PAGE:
The Deadline for Submitting a Play for the Maine Playwrights Festival has Come and Gone. I was so preoccupied with social media activities that it creeped up on me before I knew it. When I finally woke up, I had about ten days to come up with something to submit. Who says I have to submit anything at all? Me. I have been writing plays long and short for the Festival for the last several years with the specific idea that I would test them out there.
Acorn Productions, Located in Westbrook, Does a Lot of Things Related to Theatre. Mike Levine and his associates teach acting and playwriting, stage full length plays at their black box theater, perform what they call Phyzgig (physical comedy), and perform Naked Shakespeare scenes at several local venues, among other things. In short, they have a lot of energy. I look forward to the Maine Playwrights Festival every year because it is designed specifically for new plays. It is a place where your new work can get on its feet, and show you if there is enough potential there to keep working on it.
With Ten Days to Create a New Play, I Decided to Concentrate on the Ten Minute Play Format. I started out by trolling my mind for scene ideas that I have used in the past and which have been a part of other, often longer pieces. There was a scene at the end of a play I called A Green Balloon that had some promise, I thought.
The Play is about a Man and a Woman in a Long Term Relationship with Little Commitment, Especially on His Part. They jointly run a rather shabby bar and grill. He decides to take a break, and go on the road, leaving the bar to her to do with what she may. She takes the bull by the horns, and completely re-invents the place into an upscale barbeque restaurant, by “blowing out walls” and other similarly radical procedures.
I Proceeded to Take the Four Page Scene and Make it into a Ten Minute Play. I had five characters: the man and woman, two remodeling experts, and a former lover. I wrote furiously, dreamed about the play and was quite happy with it when I suggested that my beta reader (wife Jan) and I read it aloud together. We did. It was awful. Jan informed me that she didn’t understand it and that it wasn’t up to my standard.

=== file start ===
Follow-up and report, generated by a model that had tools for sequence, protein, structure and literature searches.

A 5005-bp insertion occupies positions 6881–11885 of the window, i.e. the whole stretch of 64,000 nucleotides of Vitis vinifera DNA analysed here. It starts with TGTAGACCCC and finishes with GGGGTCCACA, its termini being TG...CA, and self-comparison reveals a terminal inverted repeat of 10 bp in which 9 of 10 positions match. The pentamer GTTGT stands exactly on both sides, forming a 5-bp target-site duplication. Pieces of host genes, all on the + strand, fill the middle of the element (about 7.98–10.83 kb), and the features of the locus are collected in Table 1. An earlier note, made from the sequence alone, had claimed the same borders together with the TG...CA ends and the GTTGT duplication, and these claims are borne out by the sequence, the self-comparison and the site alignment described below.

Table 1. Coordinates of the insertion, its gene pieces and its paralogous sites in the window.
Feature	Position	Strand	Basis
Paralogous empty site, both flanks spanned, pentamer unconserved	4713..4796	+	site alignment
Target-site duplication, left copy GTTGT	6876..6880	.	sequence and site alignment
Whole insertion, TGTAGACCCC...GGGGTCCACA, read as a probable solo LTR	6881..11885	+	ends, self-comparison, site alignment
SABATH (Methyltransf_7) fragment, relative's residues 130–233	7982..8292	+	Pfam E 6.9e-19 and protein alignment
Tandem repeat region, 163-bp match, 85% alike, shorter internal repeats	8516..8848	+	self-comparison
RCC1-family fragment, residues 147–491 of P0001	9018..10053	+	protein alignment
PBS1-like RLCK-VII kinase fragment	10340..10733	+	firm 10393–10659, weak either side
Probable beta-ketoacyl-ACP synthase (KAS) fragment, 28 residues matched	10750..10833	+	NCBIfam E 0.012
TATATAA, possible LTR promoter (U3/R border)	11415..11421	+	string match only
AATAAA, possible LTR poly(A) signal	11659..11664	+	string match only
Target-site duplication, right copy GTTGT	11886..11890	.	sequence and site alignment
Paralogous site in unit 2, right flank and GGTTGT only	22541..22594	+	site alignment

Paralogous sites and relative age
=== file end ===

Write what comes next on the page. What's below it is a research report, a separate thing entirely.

Now, I’m not a very confident playwright. If someone (you know who) says something negative about a play of mine at any stage of development, it’s going to be taken seriously, and probably will result in a massive re-write. I trashed the new ten minute play and started all over.
I Kept Three Characters, showing the re-modelers the door. I carved up the entire scene, throwing out most of the stuff dealing with the remodeling details, which incidentally, I had thought provided tons of opportunities for the main male character to react comically to the chaos. I kept the tension between the original pair of relationship-ees, and made the ex-lover a major character.
With no scene to stretch out or re-write, I Just Put the Characters on Their Feet, so to speak, and let them go anywhere they wanted to. It starts out with the ex-lover calling the guy and suggesting they get together over drinks. This harked back to an incident my brother experienced where an old high school girlfriend got in touch with him twenty years later.
I Worked Furiously on the New Concept, used the geography of Maine, and finished the new script with only a day to go until deadline. I gave it to my beta reader to look over. She read it twice and reported that she didn’t understand it. This time, there would be no massive re-write. I basically looked at it some more, tweaked it here and there, and sent it on it’s way to Acorn.
Is It Any Good? I Don’t Know. I never know if anything I write is any good. Usually, I finish a piece, set it down to marinate for several weeks or a month and then look at it again. If I still like it, good. If not, it’s re-write time again. With this ten minute play, there is no time for it to marinate. Acorn promises entrants that they will announce the plays that have been selected for the Festival by January 15.
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